So Long, Summer

It's been an eventful week. The political bathroom sex sting, Wall Street hopping up and down, a commemoration of a devastating hurricane (from which recovery is moving much slower than I personally would like), kids returning to school in many areas, and family plans for the unofficial end of summer. (Officially, there's still about three more weeks.)

I've already commented on Senator Craig's self-induced troubles. I just pray that the bottom doesn't fall out of the housing market.

As for Hurricane Katrina, I will never forget those images two years ago, of people on the roofs of their homes pleading for rescue, of a woman beside her newly deceased husband on a bridge (a sufferer of a respiratory ailment, he expired when his oxygen ran out), and the water everywhere, flowing like rivers through the streets. I was disappointed to see that the worst-hit areas (anybody want to guess who lives there?) don't look much better two years later, with many of the residents who are eager to rebuild held up by bureaucracy and red tape, still living in trailers.

Has it ever taken two years and counting to restore other disaster-stricken areas of this country? Hurricane Andrew? Hurricane Hugo? Hell, what about Hurricane Camille 40-some years ago? Will people whose homes were damaged or destroyed in the recent Midwest floods still be living in trailers two years from now? (FEMA officials arrived there right away, incidentally.)

The TV cameras have left New Orleans to move on to the next story, the 10-year anniversary of the death of Princess Diana's death. But the images of streets with overgrown weeds covering foundations of abandoned houses, people living in trailers on their property or under bridges, and nuclear families forced to live in different cities will linger in my mind. Here's hoping the third anniversary will show families reunited and living in new housing and cleaned-up lots.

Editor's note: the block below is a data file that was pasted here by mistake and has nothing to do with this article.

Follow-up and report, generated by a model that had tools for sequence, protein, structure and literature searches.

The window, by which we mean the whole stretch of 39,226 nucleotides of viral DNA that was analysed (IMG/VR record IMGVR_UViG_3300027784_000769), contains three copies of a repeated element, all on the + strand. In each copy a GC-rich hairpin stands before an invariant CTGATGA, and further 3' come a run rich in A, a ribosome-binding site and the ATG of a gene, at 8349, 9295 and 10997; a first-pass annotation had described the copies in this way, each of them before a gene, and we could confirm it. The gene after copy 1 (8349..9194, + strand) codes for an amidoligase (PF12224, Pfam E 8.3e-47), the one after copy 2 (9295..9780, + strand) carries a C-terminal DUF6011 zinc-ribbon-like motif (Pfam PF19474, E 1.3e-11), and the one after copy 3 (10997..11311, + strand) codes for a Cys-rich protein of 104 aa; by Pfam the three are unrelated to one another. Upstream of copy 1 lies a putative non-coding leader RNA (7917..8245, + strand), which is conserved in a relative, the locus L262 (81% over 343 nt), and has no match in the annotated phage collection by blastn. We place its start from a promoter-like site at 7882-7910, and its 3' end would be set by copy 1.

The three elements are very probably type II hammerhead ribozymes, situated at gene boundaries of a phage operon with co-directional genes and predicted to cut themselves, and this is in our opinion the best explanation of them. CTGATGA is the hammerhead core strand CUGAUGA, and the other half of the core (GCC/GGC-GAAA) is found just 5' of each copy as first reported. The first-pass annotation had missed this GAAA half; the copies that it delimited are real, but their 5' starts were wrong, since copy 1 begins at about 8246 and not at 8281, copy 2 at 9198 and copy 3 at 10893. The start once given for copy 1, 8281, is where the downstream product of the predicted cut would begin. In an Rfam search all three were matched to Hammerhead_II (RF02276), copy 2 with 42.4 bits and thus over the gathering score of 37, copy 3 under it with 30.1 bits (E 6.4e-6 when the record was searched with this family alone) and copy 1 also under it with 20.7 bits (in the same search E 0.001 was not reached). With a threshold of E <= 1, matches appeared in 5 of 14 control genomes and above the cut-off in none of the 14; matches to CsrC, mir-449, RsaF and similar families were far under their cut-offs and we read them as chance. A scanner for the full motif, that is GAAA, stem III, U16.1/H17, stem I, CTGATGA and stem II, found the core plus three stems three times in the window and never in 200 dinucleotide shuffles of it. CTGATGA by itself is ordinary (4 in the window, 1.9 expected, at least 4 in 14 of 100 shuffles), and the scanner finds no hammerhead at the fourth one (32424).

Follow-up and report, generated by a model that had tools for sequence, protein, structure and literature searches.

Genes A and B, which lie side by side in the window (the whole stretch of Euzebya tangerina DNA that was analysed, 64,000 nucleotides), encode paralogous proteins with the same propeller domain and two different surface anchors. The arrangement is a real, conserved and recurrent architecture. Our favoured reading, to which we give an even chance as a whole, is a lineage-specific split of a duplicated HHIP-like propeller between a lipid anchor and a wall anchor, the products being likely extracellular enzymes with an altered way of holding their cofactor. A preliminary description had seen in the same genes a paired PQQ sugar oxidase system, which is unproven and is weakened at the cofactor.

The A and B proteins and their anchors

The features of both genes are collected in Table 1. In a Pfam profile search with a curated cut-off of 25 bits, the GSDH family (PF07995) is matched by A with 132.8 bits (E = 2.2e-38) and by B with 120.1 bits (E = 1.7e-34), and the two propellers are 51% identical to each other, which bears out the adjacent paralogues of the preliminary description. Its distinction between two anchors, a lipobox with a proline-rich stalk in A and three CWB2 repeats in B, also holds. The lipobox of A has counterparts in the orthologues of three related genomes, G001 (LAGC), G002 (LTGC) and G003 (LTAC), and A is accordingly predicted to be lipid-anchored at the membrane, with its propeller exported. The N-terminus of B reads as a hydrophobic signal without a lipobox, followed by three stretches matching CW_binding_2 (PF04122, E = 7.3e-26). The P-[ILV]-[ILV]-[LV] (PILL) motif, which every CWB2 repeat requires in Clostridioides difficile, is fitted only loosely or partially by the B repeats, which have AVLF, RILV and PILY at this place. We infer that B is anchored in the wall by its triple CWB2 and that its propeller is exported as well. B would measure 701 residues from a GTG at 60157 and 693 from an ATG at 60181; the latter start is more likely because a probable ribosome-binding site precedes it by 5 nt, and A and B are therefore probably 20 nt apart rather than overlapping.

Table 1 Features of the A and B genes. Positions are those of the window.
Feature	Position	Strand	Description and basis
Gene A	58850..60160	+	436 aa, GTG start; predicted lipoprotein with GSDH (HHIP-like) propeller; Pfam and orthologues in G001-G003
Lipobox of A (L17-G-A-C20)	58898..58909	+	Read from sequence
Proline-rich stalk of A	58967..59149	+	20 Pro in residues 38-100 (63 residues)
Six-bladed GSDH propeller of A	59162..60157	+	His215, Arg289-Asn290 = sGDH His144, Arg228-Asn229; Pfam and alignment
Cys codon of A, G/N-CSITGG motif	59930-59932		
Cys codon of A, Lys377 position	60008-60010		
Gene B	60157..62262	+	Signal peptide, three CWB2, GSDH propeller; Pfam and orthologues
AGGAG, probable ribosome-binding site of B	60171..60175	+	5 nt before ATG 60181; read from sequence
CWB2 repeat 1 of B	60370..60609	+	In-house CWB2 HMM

I wish you all a fun Labor Day holiday. The pictures above, by the way, were taken at our Family Reunion at the end of July. My husband and I, pictured on top, were both on the committee and I'm happy to say that a good time was had by all. The other shot is of me and one of my husband's cousins. You readers may know her by her pen name, Eboni Snoe.

Have a great weekend!


Donna D said...

You know they are never going to get it right in New Orleans. As long as Bush is in office and time keeps passing, it'll just be a blip on the radar for the media. Most people who watched in horror will soon forget and move on. For me, just like 9/11, I don't think I'll ever forget.

Have a lovely, lovely weekend!

Gwyneth Bolton said...

The family reunion looks fun. Everytime I see one I think of that song and start singing it... was that the Ojays?

I had no idea you were related to Eboni Snoe. I loved her novels. She had this sort of paranormal trilogy about a woman who had to return these precious gems/stones to the earth that I just adored.

I'm with you on the New Orleans and Katrina lack of effort on our governments part. I'm stunned that we all saw that happen and that there hasn't been more of a wide scale outcry about the way it has been cast aside...


bettye griffin said...

Ah, yes, Family Reunion. Funny, but now that you mention that song, I think we forgot to play it. And we did have a deejay!

Yes, I remember Eboni's trilogy: The Passion Ruby, Emerald's Fire, and A Diamond's Allure. It was great to see her. Just to clarify; we are in-laws, related by marriage.

Thanks for posting. I'm looking forward to seeing you, at the Slam Jam if we both make it there.


Patricia W. said...

The (lack of) recovery from Hurricane Katrina is a national disgrace. The next time there's a disaster in some other part of the world, and the US puffs out its chest and offers a fat check, the government officials of said country should say, "Thanks but no thanks. You need this more than we do. Send it to New Orleans and the Gulf!"

bettye griffin said...

Great idea, and that disaster is coming sooner than you think in the form of Hurricane Felix. Pray for the people of Honduras, many of whom already have so little . . . .